An attorney in a murder trial in Florence, Alabama, died after collapsing in court during her closing arguments.
Jean Darby was delivering her closing argument on behalf of her client, Alfonso Jarmon, when she suddenly lost her balance, WHNT reported. She attempted to compose herself but collapsed and lost consciousness. A plainclothes police officer performed CPR on Darby until paramedics arrived. She was taken to the hospital.
Darby, who was 64, died in the hospital, two days after she had collapsed, the TimesDaily reported.
She was remembered by friends as someone who fiercely defended her clients.
"She worked extraordinarily hard to be sure anybody she represented had all the rights the law allows," Judge Mike Jones told the TimesDaily. Former District Attorney Deborah Bell Paseur said that Darby "went about the business of her life quietly and humbly, avoiding all attention to herself but accomplishing much in service to others."
Following Darby's collapse, Judge Gil Self deliberated on whether it was appropriate to continue the trial. Ultimately, the trial was allowed to continue and the jury found Jarmon guilty of murder.
Self spoke with the jury before going ahead with the trial, asking them if they could be objective and removed from the shocking turn of events in the courtroom.
"Now, I need to know from each of you, can you put aside and proceed with the remainder of the trial?" Self asked the jurors. "Can you call it down the middle, set aside sympathy and only apply the law to the facts in the case?"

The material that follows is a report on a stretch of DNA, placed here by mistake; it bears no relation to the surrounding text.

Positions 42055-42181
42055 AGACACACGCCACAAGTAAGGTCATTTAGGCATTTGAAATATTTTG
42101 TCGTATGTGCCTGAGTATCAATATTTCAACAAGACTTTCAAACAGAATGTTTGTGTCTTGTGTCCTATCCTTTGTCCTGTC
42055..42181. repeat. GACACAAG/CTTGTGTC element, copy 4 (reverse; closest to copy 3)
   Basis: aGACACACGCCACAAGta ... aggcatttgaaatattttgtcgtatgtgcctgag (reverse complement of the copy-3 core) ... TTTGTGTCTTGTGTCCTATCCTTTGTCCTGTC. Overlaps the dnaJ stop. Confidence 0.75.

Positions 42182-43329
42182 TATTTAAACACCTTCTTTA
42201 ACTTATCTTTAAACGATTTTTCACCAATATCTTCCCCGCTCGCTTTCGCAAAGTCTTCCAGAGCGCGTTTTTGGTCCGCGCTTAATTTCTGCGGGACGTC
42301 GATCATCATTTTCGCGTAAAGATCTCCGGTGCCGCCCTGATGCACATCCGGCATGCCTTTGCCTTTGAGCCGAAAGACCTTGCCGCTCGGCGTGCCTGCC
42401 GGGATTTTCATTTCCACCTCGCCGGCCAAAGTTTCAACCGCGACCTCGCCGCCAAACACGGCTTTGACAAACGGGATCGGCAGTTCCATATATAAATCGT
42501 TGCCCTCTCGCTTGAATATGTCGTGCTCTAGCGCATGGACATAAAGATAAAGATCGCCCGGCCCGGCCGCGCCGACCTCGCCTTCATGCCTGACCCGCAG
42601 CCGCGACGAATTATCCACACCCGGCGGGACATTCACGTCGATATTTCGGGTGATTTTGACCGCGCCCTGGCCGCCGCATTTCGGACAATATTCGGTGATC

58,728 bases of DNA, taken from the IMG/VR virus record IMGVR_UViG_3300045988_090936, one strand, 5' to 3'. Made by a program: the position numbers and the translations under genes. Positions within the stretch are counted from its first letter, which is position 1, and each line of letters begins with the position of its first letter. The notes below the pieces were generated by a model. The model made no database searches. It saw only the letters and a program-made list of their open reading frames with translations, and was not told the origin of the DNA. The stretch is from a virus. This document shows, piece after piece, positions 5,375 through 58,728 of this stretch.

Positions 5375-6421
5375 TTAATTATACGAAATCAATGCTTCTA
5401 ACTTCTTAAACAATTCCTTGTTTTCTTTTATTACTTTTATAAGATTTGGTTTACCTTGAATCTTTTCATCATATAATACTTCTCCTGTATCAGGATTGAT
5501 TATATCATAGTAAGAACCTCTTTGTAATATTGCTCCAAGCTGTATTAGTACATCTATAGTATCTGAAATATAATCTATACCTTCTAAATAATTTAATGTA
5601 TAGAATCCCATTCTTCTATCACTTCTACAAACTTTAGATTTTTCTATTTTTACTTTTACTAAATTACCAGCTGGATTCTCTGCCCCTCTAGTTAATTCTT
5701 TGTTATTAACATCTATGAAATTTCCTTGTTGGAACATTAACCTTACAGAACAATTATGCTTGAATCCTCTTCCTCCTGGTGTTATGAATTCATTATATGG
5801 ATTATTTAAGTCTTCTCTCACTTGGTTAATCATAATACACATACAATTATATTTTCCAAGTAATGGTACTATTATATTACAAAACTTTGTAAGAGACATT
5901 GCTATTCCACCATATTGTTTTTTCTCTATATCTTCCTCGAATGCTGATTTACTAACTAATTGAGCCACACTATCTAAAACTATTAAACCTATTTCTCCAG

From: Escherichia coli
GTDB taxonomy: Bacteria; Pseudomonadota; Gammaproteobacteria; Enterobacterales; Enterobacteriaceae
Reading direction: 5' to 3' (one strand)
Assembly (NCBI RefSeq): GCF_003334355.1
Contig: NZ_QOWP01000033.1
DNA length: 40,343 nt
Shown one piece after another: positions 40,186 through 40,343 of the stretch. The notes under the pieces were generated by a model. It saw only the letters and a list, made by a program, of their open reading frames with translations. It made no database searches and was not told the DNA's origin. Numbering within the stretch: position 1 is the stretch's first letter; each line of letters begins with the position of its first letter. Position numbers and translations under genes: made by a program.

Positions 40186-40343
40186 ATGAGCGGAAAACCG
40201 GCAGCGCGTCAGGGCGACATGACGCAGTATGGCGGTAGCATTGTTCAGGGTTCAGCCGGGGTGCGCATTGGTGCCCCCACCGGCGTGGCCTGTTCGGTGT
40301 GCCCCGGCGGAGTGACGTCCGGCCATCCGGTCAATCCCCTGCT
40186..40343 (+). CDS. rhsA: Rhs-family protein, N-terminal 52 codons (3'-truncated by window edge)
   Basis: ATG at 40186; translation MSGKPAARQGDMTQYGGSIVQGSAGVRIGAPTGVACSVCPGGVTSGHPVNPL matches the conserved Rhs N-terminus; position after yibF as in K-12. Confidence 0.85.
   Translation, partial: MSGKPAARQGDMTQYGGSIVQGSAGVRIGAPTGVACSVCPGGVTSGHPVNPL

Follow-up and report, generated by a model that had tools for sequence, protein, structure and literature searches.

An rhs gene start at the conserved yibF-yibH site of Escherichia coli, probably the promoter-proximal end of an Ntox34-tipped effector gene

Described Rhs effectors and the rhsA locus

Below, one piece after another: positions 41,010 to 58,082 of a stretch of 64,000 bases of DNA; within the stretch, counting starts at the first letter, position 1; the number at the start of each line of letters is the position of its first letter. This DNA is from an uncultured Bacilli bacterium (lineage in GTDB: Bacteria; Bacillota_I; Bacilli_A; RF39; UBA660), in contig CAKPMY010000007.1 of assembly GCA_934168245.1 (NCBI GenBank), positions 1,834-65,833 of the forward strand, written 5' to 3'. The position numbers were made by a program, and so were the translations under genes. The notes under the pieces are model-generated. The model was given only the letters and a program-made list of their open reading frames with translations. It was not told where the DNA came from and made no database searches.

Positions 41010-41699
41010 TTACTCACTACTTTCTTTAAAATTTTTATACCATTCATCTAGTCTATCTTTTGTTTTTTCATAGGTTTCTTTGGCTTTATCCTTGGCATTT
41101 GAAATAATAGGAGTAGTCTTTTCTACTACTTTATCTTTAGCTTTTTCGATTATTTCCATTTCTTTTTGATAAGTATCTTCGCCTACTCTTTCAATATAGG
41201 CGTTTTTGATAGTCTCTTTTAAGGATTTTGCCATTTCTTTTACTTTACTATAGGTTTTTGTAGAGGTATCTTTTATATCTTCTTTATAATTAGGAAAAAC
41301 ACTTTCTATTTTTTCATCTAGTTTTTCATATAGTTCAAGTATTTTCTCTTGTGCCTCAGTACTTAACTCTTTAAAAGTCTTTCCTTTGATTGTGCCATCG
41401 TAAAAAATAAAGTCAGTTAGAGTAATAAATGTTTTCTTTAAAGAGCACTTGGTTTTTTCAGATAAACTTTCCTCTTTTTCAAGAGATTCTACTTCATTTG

Each juror signaled to Self that they would be able to take sympathy and emotion for the attorney out of it to judge the case properly.
"So we will proceed," Self concluded, adding that he wanted the jury to disregard the closing arguments previously made by Darby as well as by Lauderdale County District Attorney Chris Connolly.
"Take what was put into evidence and what you have heard from the witness stand. Make your decision based on those facts," he said.
Jarmon reportedly showed no emotion as the guilty verdict was read.
"It’s sad what has happened to Ms. Darby and our prayers and thoughts are with Jean and her family," Connolly said following the verdict. "But the jury wanted to complete their task, and I commend them for putting everything behind them and moving forward."
The evidence against Jarmon, he added, was "overwhelming."
"[What he did] was a senseless murder. He’s a danger to society and needs to be taken off the streets," Connolly said.
He will be sentenced on Dec. 6.